It should come as no great surprise to the insurance and financial services industries that succession is a looming issue — one that statistically can’t be solved without tapping into the millennial generation.

One-third of producers are between the ages of 55 and 64, and 43 percent of advisors are within 15 years of retiring, according to Aaron Bartlett, an expert on millennials and technology in business who spoke this week during the 35th annual meeting of the National Association of Independent Life Brokerage Agencies (NAILBA) 35 in Dallas.

According to Bartlett, roughly 60,000 new hires will be needed annually to fill the talent gap left by the anticipated mass exit of retiring advisors. “This is why we must engage the millennial generation,” he said.

At 75.4 million people, according to U.S. Census Bureau statistics, millennials are not only the largest living generation today. They also are the largest block of the contemporary American workforce at about 53.5 million employed. Given these statistics, failing to adapt business processes, policies and environments to appeal to the wants and needs of millennials may leave companies out in the cold when they need to fill their employee ranks.

Related: Business succession planning: Look to life insurance

Millennial stereotypes

A shift in thinking may be difficult for companies that are comfortable with traditional values and practices cultivated and perfected to suit previous generations. Moving away from what’s tried and true can be difficult. It doesn’t help that millennials suffer from some negative perceptions in corporate America, such as the idea that this generation is especially narcissistic and entitled.

Okay, some stereotypes do emerge from kernels of truth. But with regards to millennials, forward-thinking managers would be well-advised to consider the context in which negative generational perceptions develop, and keep an open mind about how to harness those negatives and turn them into positives. This approach will serve companies well as they attempt to attract and retain younger employees, Bartlett said.

“What are some of your perceptions of millennials?” Bartlett asked his audience to call out their thoughts. Several attendees provided the polite point-of-view: Millennials are technology savvy and socially responsible. They also value group review and opinion.

Then there’s the other side of the coin. One attendee volunteered that millennials are job hoppers who have a “shortsighted view of long-term employment.”

That perception was reinforced recently by a Prudential study that found millennials view long-term employment as 18 to 24 months.

Bartlett chimed in that as the generation that grew up with social media, millennials also are often thought to have a short attention span.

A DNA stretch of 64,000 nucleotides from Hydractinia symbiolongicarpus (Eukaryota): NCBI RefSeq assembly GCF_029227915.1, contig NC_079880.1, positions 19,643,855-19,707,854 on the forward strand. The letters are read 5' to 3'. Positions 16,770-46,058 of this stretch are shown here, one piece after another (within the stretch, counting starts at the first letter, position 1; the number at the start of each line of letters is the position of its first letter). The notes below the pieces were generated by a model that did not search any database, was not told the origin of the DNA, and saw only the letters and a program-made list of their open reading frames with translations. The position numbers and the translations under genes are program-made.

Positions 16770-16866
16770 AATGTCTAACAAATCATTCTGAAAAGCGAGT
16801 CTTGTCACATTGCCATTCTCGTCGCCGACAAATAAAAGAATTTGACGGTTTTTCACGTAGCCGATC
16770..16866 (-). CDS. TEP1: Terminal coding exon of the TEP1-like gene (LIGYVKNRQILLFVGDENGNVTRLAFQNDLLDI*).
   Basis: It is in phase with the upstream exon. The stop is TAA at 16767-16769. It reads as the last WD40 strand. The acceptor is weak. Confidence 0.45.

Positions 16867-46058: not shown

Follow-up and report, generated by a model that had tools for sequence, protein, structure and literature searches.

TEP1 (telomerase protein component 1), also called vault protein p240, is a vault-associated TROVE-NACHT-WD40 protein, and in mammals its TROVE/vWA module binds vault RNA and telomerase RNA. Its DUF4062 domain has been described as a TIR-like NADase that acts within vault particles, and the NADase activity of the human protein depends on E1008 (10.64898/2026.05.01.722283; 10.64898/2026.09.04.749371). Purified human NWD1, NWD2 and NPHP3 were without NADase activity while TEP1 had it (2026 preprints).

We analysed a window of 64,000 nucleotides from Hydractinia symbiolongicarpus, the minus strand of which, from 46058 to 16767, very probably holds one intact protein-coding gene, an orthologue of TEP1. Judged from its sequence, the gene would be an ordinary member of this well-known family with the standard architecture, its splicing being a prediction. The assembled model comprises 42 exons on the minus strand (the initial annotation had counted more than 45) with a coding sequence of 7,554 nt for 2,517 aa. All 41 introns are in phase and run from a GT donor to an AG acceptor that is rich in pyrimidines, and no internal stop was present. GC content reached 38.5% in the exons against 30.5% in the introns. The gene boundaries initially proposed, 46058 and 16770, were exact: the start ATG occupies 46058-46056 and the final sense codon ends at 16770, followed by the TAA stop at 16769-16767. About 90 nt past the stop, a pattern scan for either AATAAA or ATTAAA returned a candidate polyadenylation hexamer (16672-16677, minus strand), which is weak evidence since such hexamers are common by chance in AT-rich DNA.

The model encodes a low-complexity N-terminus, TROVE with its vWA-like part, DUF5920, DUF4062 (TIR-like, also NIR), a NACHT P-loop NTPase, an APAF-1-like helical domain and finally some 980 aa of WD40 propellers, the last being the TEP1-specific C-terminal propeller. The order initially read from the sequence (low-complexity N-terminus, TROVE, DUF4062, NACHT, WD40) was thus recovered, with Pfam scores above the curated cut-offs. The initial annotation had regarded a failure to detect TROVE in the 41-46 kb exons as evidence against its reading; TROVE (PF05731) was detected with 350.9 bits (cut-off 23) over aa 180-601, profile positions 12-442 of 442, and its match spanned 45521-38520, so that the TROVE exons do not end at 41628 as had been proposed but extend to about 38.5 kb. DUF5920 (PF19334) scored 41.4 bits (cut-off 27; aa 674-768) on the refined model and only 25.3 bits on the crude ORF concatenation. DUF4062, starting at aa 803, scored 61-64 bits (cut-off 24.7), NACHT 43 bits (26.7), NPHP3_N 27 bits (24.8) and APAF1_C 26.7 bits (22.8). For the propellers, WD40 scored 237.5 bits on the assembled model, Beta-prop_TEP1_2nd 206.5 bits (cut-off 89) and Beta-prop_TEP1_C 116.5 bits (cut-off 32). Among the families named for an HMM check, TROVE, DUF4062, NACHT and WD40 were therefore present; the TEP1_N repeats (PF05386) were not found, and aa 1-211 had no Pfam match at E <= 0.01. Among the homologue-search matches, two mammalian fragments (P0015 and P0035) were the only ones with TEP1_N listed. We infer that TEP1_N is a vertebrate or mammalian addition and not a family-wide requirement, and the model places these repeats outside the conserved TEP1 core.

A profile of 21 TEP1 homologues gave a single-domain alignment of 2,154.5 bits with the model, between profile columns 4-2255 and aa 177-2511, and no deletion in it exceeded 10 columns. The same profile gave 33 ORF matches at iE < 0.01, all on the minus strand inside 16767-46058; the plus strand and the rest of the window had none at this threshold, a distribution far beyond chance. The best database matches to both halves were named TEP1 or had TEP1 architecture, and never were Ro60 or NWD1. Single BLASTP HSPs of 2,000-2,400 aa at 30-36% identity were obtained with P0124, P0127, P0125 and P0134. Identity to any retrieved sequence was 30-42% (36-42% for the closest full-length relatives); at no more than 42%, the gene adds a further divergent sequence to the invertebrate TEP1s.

A dozen ways to engage with millennials

Reared in the world of social media, most millennials have never used a rotary telephone. (Photo: iStock)

Let’s get better acquainted

The term ‘millennial’ was coined by William Straus and Neil Howe, who sought to redefine what had been known as Generation Y. Millennials are loosely defined as those born between the early 1980s to the late 1990s, although many different spans have been put forth.

See also: 17 ways to better market to millennials

Millennials have grown up with unprecedented access to technology. Most don’t know what life was like without personal computers, said Bartlett. Many have no idea what a rotary phone is.

Generally, millennials are characterized by strong civic-mindedness. They have elevated confidence and tolerance, but also a sense of entitlement and narcissism, according to various studies. Almost all millennials believe they can do something great, and many millennials value the idea of making a positive influence in the world over professional recognition.

Research also shows that millennials are the most diverse and well-educated generation in U.S. history, said Bartlett. Both male and female millennials value family and seek a personal life beyond work.

Related: Blame wealthy, overeducated elites as society frays

Despite their reputation for professional restlessness, studies also show that most millennials actually desire job security.

According to Pew Research, millennials value jobs that they enjoy above other characteristics including compensation. Second on the list of important career qualities for millennials is job security. And the third most valuable job quality millennials are looking for is flexibility to attend to family needs.

The Pew study indicated that compensation is actually the least important factor for millennial job seekers.

Any company looking to engage more millennials in career-track employment might consider a combination of the following strategies.

Millennials are confident and eager to succeed, so mentor them in their careers. (Photo: iStock)

Millennials are confident and eager to succeed, so mentor them in their careers. (Photo: iStock) 

A dozen ways to engage with millennials

No. 12: Provide regular, constructive feedback.